Kem Sokha

Cambodian Supreme Court denies bail to political opposition leader

Nearly 12 months into his pretrial detention, former CNRP political opposition leader Kem Sokha was denied bail by the country’s highest court for a fourth time

Janelle Retka
August 23, 2018
Cambodian Supreme Court denies bail to political opposition leader
President of the opposition Cambodia National Rescue Party (CNRP), Kem Sokha was arrested at his home in the capital Phnom Penh on 03 September, following a raid on his house. Sokha is accused by the Cambodian government of 'treason.' Photo: Mak Remissa/EPA-EFE/

Less than two weeks shy of the anniversary of the midnight house raid and arrest of then-Cambodian opposition leader Kem Sokha on charges of plotting to overthrow the government, the Cambodian Supreme Court rejected his bail plea on Wednesday.

Sokha, head of the Cambodia National Rescue Party (CNRP), which the government dissolved in November, was arrested 3 September over a video recording of a years-old speech in which he is accused of admitting to conspiring with foreign countries to overthrow the ruling Cambodian People’s Party (CPP).

Sokha has denied the accusations against him – which have been internationally condemned as trumped-up charges – and has been held in pretrial detention since his arrest, with no visitors permitted except for immediate family and lawyers. Those close to him say his health has deteriorated while in prison: high blood pressure, shoulder pain and diabetes. He has repeatedly sought release on bail to receive medical treatment. If convicted, he faces up to 30 years in prison.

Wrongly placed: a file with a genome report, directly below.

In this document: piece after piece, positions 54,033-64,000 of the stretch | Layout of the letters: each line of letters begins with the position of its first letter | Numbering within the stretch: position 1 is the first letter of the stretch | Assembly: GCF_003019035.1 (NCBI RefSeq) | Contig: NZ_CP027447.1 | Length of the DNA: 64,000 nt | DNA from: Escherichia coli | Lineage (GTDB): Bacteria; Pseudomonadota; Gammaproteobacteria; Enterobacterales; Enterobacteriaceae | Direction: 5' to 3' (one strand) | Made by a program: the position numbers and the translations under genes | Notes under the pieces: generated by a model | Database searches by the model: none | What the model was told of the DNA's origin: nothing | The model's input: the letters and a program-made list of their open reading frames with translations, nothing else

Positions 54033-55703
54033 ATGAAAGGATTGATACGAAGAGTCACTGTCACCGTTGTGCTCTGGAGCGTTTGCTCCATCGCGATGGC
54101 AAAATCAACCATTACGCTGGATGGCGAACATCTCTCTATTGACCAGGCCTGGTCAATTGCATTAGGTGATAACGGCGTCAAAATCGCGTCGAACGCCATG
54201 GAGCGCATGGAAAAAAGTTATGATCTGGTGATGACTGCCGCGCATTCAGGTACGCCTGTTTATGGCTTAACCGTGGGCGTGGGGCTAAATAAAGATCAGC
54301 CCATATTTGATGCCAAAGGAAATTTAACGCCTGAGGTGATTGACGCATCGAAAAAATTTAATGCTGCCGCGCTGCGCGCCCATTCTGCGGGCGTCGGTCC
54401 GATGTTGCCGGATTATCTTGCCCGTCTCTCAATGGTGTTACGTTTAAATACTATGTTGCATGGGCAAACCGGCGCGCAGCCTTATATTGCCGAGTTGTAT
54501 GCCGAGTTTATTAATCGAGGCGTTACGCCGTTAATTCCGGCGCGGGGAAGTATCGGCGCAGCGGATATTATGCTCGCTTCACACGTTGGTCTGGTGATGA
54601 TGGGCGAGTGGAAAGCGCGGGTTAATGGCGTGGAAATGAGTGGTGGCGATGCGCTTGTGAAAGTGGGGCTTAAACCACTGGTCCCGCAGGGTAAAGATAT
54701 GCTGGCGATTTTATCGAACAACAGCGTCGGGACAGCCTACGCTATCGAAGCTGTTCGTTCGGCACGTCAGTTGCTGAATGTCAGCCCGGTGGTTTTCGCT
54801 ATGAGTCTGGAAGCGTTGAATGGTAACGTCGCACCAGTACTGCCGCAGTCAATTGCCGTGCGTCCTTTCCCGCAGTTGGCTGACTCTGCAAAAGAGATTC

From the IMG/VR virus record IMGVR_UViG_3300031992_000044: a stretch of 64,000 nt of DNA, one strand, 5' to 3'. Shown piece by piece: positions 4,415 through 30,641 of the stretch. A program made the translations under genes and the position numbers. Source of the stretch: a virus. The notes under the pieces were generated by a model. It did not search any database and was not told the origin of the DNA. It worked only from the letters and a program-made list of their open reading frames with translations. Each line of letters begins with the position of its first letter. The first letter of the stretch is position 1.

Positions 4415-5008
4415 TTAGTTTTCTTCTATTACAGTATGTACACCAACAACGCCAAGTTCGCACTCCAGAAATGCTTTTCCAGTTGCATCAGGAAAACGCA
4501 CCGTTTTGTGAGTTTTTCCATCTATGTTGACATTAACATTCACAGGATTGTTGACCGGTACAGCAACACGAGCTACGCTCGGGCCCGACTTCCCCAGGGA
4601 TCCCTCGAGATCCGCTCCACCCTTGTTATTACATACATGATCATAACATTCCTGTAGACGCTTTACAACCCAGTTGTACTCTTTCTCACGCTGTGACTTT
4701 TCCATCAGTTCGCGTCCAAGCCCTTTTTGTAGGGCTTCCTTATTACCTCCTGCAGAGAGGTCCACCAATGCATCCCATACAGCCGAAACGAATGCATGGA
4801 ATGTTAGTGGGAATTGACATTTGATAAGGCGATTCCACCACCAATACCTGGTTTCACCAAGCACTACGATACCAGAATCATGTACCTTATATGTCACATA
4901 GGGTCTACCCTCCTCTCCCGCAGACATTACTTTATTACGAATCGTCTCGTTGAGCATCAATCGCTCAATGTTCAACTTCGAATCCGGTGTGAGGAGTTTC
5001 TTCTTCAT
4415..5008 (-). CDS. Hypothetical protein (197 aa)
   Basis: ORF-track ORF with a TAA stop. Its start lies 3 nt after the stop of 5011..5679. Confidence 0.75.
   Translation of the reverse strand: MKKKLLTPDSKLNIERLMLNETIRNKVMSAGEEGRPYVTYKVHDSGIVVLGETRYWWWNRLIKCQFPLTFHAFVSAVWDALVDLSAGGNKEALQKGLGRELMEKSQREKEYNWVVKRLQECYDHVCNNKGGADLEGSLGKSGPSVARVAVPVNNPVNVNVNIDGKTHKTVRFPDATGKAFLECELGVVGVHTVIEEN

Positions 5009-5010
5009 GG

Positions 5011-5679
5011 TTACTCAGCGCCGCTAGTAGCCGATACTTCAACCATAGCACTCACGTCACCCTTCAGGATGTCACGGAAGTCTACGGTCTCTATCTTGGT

“It’s a total mockery of justice and [is] plunging Cambodia further into the law of the jungle,” CNRP Deputy President Mu Sochua told Southeast Asia Globe. She has been living in self-imposed exile since shortly after Sokha’s arrest, when she was tipped off that she too might be imprisoned. “A political solution is the only way he can be released,” she said, adding that local protest and international pressure will likely lead to his release. “Today, many people went to the court because a momentum is building up again.”

The Supreme Court decision to continue holding him comes after the release of prisoners held over charges widely believed to be politically motivated. Prominent activist and thorn in the government’s side Tep Vanny was released from Prey Sar Prison on 20 August after serving two years in prison over public protests, receiving a royal pardon from King Norodom Sihamoni at the request of Prime Minister Hun Sen. The following day, Radio Free Asia reporters Oun Chhin and Yeang Sothearin were released on bail after serving eight months on charges of espionage and production of pornography.

Some commentators anticipated that Sokha, too, might be released now that the National Election Committee has announced the official results of the July general election continuing the rule of Prime Minister Hun Sen, whose party won all 125 seats in the National Assembly in what has been internationally condemned as a sham election.